Doctors find insurance help

Dayton Daily News
Tuesday, August 27, 2002

Local physicians might find some short-term relief from soaring malpractice premiums through unconventional insurance plans or a state program that will help them start comparison-shopping in mid-September.

The Ohio Department of Insurance will launch the Medical Coverage Assistance Program, a Web-based source of information on the roughly 90 companies selling medical malpractice policies.

While Dayton-area doctors call the concept good, they doubt that it would help soon because only about seven companies are writing new policies for physicians.

Most of them still are pushing for legislation that would cap malpractice damages and limit other plaintiffs' rights in hopes of bringing premiums back under control. Obstetricians and midwives will rally support for their cause at 11 a.m. today at Dave Hall Plaza Park on the corner of Fifth and Main streets in downtown Dayton. High malpractice premiums and low health plan reimbursements threaten the area's supply of physicians in general and childbirth specialists in particular, they say.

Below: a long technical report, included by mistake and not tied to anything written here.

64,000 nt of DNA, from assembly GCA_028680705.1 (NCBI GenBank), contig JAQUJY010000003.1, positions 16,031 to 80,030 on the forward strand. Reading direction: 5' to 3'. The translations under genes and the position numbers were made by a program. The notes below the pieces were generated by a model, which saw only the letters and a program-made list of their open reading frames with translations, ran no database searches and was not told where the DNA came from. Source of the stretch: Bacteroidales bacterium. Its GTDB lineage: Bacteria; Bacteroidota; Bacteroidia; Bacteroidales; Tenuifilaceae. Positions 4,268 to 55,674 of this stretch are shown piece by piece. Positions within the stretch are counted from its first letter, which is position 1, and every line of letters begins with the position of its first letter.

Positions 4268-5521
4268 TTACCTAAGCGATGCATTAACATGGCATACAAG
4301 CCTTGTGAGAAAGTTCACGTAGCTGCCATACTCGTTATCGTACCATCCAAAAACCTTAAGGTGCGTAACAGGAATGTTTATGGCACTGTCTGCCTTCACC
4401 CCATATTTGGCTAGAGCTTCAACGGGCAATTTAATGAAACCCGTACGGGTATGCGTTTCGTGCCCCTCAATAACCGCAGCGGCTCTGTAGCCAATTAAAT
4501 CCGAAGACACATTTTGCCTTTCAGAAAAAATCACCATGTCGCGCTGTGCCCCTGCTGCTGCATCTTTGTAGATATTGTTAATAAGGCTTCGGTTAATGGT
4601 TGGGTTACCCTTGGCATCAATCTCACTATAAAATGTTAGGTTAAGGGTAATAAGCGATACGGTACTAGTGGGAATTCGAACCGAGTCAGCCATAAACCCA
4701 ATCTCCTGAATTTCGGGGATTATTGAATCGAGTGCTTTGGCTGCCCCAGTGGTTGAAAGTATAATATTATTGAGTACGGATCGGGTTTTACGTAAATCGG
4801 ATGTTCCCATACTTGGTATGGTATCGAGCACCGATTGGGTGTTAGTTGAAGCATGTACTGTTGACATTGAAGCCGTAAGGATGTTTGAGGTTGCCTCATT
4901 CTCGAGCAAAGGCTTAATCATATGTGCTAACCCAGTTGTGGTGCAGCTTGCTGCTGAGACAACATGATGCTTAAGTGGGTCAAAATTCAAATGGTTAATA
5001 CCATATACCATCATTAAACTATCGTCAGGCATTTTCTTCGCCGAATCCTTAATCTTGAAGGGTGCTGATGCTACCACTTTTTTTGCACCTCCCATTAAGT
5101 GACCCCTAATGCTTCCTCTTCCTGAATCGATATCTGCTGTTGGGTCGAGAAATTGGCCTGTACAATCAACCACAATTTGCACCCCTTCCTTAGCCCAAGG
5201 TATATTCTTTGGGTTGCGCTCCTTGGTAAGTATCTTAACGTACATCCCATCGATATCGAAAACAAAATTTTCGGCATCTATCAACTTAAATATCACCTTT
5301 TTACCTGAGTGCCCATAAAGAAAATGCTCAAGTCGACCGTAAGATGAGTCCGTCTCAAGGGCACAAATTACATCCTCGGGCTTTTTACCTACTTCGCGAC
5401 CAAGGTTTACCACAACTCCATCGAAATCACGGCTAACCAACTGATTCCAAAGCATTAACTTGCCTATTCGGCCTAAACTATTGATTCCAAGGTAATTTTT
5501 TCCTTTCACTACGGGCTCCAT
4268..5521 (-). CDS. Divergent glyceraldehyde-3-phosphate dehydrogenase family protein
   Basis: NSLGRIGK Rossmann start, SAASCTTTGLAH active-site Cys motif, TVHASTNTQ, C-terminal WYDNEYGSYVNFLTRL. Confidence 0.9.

Opponents say noneconomic caps would leave the most seriously injured children, retirees and low-wage earners without enough compensation for future expenses and impairments. Economic damages cover only documentable expenses and not projected future medical, housing and transportation expenses, said executive director Joanne Doroshow of the Center for Justice & Democracy. 'And that's aside from compensating parents for the lost potential of a child that will never have a normal life and may need somebody to feed and supervise them 24 hours a day.'

For a copy of the complete article, contact CJ&D.

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